Pre-Menstrual Syndrome & Magnesium | Ancient Minerals   #pms A while back I decided to embark on a month of “clean living.” Since I already live a relatively clean lifestyle, this concept was more of a “fine tuning” than total rehabilitation. I started by deleting caffeine and alcohol – not that I was consuming either excessively, but both of these are diuretics, causing an unnecessary loss of minerals and fluids. I also set up reminders for myself to ensure that I took my vitamins, bumped up my activity levels, and got adequate amounts of sleep. I lowered my sugar intake, ate more raw foods, and kicked up my “good fat” consumption.

One extra thing that I did was to make a conscious and consistent effort to really boost my magnesium levels through both topical and oral supplementation. Of course, one might assume, since I have magnesium literally at my fingertips, that I have no problem getting sufficient amounts. However, I’m only human and even I find myself needing to renew my habits now and again.

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Stressed Out? You May Be Magnesium Deficient…

9 January 2014 - Posted by Ashley under ,

Stressed Out? You May Be Magnesium Deficient | Ancient MineralsStress is a funny thing… it seems to pop up at the most inconvenient times, or add an extra hurdle to already difficult situations. It can push emotions to their limits, negatively impact the immune system, and exacerbate pain or chronic conditions.

And unfortunately, oftentimes the stresses of life are unavoidable.

However, despite the fact that stressful stimuli abounds, there are ways to but to truly reinforce your body’s own ability to handle stress. One of these, as you may imagine, is maintaining good health. Of course, in today’s busy world, that can be easier said than done!

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Magnesium Levels Vital to Brain and Mental Health

5 November 2013 - Posted by Ashley under , , ,

Magnesium Levels Vital to Brain and Mental Health | Ancient Minerals BlogNovember is National Alzheimer’s Awareness Month and the serious issues of cognitive health will be in the spotlight in the coming weeks. The medical community agrees that cognitive impairment (CI), ranging from mild to severe, is almost epidemic in the U.S. as the Baby Boomer generation is aging and living longer. Scientists believe one reason is that the human brain begins shrinking after age 25. Structural changes and loss of brain synapses lead to rapid decline in cognitive health.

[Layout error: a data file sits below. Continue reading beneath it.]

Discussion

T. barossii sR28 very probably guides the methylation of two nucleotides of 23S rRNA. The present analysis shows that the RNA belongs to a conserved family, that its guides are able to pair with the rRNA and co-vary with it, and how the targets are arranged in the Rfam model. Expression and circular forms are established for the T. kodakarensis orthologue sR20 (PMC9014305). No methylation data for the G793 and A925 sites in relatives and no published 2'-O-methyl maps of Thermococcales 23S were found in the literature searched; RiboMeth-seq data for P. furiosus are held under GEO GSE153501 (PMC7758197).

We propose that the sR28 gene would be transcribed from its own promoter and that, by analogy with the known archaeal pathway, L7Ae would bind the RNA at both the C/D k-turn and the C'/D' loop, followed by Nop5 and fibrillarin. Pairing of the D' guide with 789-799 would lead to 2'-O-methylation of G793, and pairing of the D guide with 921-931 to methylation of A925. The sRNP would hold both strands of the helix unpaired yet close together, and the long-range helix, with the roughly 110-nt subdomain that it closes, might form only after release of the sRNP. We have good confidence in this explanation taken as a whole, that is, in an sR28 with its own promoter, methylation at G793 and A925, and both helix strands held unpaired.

The solution is still unclear, however the good news is that the human brain has a greater degree of plasticity than scientists previously believed, and new studies, specifically those made in nutritional research, show that magnesium deficiency in adults may play a more important role in CI, and more seriously, Alzheimer’s Disease (AD), than previously thought.

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Is Magnesium Deficiency an Overlooked Cause of Low Vitamin D Status?

25 October 2013 - Posted by Ashley under ,

Abstract

Is Magnesium Deficiency an Overlooked Cause of Low Vitamin D Status? | Ancient Minerals BlogLike vitamin D deficit, magnesium deficit is considered to be a risk factor for cardiovascular disease. Several steps in the vitamin D metabolism, such as vitamin D binding to its transport protein and the conversion of vitamin D into the hormonal form 1,25-dihydroxyvitamin D by hepatic and renal hydroxylation, depend on magnesium as a co-factor.

A new analysis of two National Health and Nutrition Examination Surveys data sets, published in BMC Medicine, investigated potential interactions between magnesium intake, circulating 25-hydroxyvitamin D, which is the generally accepted indicator of vitamin D status, and mortality. Data indicate a reduced risk of insufficient/deficient vitamin D status at high magnesium intake and an inverse association between circulating 25-hydroxyvitamin D and mortality, particularly cardiovascular mortality, among those with magnesium intake above the median.

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Magnesium & Drinking Water

27 September 2013 - Posted by Ashley under , ,